Niue’s ongoing battle for the .nu domain

Niue has been put under scrutiny by recent international media regarding its ongoing fight for the website domain name “.nu”.

Over the years, the .nu domain has gained considerable attraction and value particularly in European countries where thousands of Scandinavian countries have registered their websites with the .nu domain name.

It is also a popular domain name because ‘nu’ means ‘now’ in Swedish, Danish and Dutch. 

It is also Niue’s well-known domain name significantly seen and currently used for government emails and websites. Some may see .nu as Niue’s country code domain specifically reserved for Niue only but that has not been the case for many years.

Since 2018, the Niue government has been fighting to gain back control over the website domain since losing the rights in the early 2000s and they are finally nearing the end. 

This fight goes back 27 years ago in 1997 when IANA first assigned Niue with the .nu domain name.

During this time, the Niue government signed an agreement with American businessman Bill Semich who wanted to control the domain in exchange for free unlimited internet access and wifi in Niue. 

Through the IUSN Foundation, Semich claimed that part of the revenues generated from the .nu domain will go towards Niue’s internet access. 

Realising the major losses from this deal, the Niue government cancelled the deal with Semich in 2000 but were unsuccessful due to the legal language of the agreement making no difference. 

Semich also refused to give back control over the .nu domain to the Government of Niue.

The IUSN Foundation later transferred operation of the domain name .nu to the Swedish Internet Foundation in 2013 who have been operating the domain since.

Up until 2018 when the Government of Niue filed a lawsuit to the Stockholm District Court claiming that the Swedish Internet Foundation in 2013 had taken the .nu domain name ‘unfairly’ and without the Niue government’s consent.  

Par Brumark is the Niue government’s special envoy on this case who is also Niue’s ICANN Governmental Advisory Committee (GAC) representative.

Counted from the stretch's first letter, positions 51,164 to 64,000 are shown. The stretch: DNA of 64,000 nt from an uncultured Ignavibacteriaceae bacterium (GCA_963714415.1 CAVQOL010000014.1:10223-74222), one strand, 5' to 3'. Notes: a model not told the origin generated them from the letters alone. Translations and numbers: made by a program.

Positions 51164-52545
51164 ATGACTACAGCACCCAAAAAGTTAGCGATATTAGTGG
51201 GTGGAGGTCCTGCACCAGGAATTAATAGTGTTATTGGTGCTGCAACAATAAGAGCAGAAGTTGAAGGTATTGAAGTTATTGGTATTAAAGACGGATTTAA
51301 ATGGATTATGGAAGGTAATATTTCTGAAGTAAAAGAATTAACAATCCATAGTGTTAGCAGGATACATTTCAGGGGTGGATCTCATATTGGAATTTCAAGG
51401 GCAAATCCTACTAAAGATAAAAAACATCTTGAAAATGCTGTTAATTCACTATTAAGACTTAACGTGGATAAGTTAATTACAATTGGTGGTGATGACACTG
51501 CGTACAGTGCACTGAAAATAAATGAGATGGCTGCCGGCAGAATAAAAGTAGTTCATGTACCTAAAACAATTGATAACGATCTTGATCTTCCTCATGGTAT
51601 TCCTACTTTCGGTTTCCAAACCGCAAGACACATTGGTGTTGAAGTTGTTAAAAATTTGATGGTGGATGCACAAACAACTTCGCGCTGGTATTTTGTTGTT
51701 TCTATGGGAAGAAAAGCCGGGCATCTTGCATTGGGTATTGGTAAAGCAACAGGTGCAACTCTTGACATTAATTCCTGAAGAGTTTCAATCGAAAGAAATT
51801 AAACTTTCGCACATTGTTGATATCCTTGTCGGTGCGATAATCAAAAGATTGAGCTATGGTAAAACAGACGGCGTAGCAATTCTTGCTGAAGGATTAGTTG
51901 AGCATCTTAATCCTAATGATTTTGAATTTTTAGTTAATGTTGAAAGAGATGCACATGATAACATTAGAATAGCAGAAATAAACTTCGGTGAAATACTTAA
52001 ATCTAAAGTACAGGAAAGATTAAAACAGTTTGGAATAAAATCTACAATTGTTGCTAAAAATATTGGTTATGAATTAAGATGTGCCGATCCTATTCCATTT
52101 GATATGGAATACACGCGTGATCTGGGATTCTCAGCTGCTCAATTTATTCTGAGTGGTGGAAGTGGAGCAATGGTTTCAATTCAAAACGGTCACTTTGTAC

Niue had only realised some years later that the .nu domain gave a reliable stream of revenue for the island that would’ve supported Niue’s economy instead of relying solely on foreign aid and tourism. 

According to a recent article written by the New York Times, Niue is seeking approximately “$30 million in damages from the foundation.”

Richard Orange, who wrote an article on ‘Pacific island nation hopes to win back .nu domain from Sweden’ last week, stated that a court ruling will be taking place next month on March 14th to determine whether Niue will regain its rights to control the domain. 

BCN News spoke with Premier Dalton Tagelagi this week who shared his insights as Niue’s leader regarding this long fight. 

“We have been pursuing this. It’s been a while. We still are continuing to pursue the .nu name as we think it’s our sovereign property.”

“We succeeded in a few of the cases but there’s still a bit of work to do.”

Premier Tagelagi says that maybe our former leaders and governments were ‘poorly advised’ about the .nu domain and were taken advantage of by those from outside. 

“Of course at the time, everything was new, when talking about the internet.”

“I think that we have been duped into getting that understanding that we will have free internet.”

“Now we realise that Niue can benefit from some sort of revenue from the .nu and that’s what we are pursuing because of experience from other Pacific countries with their domain name that they are making good revenue on an annual basis.”

Premier Tagelagi remains optimistic in regaining control of the .nu domain. 

Meanwhile, there will be another court ruling on the 14th of March next month in Sweden.

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